Skip to navigationSkip to content
FILE PHOTO - San Francisco 49ers quarterback Colin Kaepernick pumps his fist as he acknowledges the cheers at Los Angeles Memorial Coliseum in Los Angeles, California, U.S. on December 24, 2016. REUTERS/Robert Hanashiro/USA TODAY Sports/File Photo MANDATORY CREDIT - RC15CE2E53B0
Reuters/Robert Hanashiro/USA Today
Nike and Kaepernick are nowhere near done.
JUST A SWOOSH

Nike’s Kaepernick stock drop is a mere dip in this year’s climb

By Marc Bain

Nike’s stock suffered its biggest single-day drop in several months yesterday (Sept. 4).

It was the day after Colin Kaepernick, the former NFL player who kneeled during the US national anthem in protest of police shootings of unarmed black Americans, shared that he would feature among the athletes in its new campaign. The news prompted outrage and calls for a boycott of Nike from those who believe Kaepernick’s form of protest to be disrespectful. The stock plunge erased about $4 billion from the company’s market capitalization.

Sounds like a major crisis for Nike, right? The situation looks much less dire when you put that drop in context.

This year has been good to Nike’s share price. Investors temporarily balked in March, around the time of the very public firings of some top Nike executives over allegations of a toxic boys’ club culture. Stock buyers quickly moved on, even as further complaints emerged. They’ve responded more to the company beginning to regain its footing in the US, where sales had fallen a few quarters in a row. Through August, Nike’s stock climbed more than 30% this year. Yesterday’s dip of about 3% was a relatively minor setback, it appears.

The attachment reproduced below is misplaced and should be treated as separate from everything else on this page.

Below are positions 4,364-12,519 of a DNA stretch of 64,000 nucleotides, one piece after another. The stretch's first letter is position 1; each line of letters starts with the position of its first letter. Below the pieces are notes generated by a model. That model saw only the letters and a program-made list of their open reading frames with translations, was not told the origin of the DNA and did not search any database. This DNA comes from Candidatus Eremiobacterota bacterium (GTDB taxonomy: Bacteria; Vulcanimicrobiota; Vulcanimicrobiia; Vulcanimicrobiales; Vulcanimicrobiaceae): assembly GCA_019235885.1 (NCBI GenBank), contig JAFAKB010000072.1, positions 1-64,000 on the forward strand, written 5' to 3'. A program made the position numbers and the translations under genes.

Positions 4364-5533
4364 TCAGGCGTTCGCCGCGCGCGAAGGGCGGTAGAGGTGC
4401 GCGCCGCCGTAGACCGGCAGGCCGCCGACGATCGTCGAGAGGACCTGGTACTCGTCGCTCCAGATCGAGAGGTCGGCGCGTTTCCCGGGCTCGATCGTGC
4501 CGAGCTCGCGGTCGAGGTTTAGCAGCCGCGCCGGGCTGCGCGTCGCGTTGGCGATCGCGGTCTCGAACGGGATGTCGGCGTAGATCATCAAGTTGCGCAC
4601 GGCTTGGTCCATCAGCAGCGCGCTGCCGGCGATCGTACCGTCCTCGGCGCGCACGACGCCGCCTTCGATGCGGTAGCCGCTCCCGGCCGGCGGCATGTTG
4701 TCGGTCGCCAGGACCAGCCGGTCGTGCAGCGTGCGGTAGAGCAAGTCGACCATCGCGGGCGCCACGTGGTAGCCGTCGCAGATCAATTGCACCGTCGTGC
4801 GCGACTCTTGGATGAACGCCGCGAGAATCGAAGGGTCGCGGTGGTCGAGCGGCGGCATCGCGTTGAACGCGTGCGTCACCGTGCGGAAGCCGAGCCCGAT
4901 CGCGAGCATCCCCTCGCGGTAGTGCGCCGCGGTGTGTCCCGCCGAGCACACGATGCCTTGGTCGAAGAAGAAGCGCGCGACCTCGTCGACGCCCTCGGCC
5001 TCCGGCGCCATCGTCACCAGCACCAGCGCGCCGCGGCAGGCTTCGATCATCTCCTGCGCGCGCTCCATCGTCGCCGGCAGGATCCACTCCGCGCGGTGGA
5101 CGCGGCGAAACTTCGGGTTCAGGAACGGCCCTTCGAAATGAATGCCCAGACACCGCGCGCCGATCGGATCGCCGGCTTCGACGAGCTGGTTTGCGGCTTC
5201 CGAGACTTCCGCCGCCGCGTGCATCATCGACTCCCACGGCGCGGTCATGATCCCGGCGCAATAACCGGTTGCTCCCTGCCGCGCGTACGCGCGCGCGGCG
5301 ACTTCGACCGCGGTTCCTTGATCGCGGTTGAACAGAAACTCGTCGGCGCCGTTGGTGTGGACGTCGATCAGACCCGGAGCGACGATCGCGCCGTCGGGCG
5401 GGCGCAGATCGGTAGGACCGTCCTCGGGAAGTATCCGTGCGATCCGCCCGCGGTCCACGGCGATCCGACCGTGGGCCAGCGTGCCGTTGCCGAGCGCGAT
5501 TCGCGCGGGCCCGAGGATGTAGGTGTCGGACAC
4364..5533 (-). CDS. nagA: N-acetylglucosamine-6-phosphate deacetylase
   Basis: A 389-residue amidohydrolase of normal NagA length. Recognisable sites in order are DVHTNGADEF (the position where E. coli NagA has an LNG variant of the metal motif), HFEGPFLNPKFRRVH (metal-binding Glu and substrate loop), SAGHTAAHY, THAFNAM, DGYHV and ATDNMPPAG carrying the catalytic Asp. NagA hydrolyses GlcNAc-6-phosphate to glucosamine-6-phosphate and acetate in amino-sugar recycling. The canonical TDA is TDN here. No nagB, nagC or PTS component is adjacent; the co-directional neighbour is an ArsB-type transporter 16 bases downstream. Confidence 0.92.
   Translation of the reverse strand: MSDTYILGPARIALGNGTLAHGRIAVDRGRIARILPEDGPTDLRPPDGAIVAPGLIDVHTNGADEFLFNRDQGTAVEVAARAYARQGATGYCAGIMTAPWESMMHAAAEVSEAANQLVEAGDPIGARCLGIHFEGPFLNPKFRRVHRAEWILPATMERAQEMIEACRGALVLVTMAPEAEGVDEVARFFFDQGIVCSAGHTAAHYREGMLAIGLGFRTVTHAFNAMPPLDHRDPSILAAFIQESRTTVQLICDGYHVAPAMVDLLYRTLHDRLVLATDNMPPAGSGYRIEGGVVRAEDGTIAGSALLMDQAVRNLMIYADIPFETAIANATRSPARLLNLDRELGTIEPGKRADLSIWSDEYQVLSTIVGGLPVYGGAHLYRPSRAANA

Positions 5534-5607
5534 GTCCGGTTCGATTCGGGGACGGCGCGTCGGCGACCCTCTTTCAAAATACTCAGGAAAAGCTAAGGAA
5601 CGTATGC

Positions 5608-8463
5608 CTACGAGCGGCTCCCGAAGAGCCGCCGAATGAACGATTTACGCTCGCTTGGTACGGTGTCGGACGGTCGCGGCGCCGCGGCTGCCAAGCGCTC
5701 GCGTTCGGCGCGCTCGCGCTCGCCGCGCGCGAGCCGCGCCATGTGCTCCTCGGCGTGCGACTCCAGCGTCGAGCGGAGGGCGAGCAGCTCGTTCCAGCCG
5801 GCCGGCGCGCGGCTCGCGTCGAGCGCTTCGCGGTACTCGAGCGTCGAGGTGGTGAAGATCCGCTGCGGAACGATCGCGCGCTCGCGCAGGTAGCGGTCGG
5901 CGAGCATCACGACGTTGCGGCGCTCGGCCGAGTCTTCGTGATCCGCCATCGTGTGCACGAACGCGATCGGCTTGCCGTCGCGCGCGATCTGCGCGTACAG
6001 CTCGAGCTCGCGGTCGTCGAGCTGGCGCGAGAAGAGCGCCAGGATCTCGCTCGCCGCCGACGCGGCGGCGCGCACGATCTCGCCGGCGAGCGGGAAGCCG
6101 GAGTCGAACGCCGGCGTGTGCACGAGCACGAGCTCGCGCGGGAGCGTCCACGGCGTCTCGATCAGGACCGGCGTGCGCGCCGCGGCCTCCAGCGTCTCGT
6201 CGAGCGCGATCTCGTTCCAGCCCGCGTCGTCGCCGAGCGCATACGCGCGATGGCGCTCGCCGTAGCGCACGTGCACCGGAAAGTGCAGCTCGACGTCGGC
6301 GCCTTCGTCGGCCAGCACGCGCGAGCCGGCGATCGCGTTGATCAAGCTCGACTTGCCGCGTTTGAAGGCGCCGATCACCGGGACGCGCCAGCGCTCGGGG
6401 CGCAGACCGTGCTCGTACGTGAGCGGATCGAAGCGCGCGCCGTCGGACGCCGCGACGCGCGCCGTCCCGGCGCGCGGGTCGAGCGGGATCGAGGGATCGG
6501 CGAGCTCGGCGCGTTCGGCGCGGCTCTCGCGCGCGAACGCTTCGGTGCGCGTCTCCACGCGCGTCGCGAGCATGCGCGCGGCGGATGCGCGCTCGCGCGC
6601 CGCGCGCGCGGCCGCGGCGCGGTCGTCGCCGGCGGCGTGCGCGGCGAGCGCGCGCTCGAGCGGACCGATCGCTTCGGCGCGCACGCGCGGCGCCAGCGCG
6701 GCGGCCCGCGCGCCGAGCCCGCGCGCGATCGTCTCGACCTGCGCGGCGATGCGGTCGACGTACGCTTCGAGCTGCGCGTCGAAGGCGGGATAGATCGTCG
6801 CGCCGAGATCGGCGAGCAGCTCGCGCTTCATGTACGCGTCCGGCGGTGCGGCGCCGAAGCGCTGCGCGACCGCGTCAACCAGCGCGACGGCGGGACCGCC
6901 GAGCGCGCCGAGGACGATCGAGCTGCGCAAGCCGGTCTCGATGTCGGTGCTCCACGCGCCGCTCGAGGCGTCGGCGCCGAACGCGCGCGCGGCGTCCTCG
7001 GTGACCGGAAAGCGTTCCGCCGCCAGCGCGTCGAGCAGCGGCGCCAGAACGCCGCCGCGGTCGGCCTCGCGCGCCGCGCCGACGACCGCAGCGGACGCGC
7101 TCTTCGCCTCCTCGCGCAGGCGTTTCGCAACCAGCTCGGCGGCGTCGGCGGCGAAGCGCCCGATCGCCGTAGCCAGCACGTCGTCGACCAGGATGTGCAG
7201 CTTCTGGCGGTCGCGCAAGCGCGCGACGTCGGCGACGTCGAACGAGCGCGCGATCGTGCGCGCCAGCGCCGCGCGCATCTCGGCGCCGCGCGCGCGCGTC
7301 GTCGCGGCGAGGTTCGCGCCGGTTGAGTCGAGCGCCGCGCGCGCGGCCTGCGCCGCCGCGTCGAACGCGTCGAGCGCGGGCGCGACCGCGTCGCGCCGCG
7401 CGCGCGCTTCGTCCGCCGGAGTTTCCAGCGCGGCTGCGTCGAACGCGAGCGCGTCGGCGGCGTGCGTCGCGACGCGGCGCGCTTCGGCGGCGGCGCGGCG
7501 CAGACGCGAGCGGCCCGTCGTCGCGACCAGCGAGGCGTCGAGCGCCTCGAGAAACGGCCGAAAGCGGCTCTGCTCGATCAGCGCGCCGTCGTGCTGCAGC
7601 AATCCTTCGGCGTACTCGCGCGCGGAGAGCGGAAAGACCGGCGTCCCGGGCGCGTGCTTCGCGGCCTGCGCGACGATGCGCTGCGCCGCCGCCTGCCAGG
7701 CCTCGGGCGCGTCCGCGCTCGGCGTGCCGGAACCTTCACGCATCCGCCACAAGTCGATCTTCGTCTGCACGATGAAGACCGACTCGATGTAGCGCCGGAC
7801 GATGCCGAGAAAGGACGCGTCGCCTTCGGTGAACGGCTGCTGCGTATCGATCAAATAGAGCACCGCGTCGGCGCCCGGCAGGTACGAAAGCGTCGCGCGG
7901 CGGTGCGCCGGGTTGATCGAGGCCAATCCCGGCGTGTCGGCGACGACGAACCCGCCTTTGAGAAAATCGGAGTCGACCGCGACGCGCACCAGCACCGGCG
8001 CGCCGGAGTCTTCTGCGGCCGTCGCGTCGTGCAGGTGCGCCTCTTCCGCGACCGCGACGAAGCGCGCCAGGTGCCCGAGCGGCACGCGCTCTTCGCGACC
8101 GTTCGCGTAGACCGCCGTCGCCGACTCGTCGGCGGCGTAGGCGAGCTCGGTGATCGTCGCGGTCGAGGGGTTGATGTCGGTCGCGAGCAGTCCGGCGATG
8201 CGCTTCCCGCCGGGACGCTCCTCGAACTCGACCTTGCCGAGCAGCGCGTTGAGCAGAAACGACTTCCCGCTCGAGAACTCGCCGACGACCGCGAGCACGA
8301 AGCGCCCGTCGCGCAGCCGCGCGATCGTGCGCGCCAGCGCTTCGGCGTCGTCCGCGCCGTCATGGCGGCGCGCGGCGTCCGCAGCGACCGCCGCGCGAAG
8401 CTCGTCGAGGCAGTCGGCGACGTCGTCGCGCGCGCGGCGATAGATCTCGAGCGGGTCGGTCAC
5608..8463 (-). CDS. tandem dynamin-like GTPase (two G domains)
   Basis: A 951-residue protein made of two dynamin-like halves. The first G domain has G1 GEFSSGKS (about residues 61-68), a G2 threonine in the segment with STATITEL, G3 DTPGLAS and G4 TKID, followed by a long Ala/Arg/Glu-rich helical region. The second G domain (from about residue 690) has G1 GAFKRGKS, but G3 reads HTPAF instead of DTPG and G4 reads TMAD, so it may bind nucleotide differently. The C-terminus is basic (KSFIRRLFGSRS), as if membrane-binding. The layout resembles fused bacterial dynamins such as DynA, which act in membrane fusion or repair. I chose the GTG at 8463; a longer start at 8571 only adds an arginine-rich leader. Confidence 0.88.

The price could, of course, slide further—though as of this writing, the drop has stabilized.

What investors care most about is that Nike continues to sell lots of sneakers. The boycotts and protests over its use of Kaepernick may deliver a brief sting. Still, in the long-term, Nike seems more likely to benefit, attracting the young, racially diverse next generation of Americans it wants as customers, and the move has generated a lot of positive responses. (It’s worth noting, too, that the dip in Nike’s share price could be related to factors other than Kaepernick. Adidas’ stock has fallen as well.)

Either way, those who say Nike is getting killed over Kaepernick are exaggerating.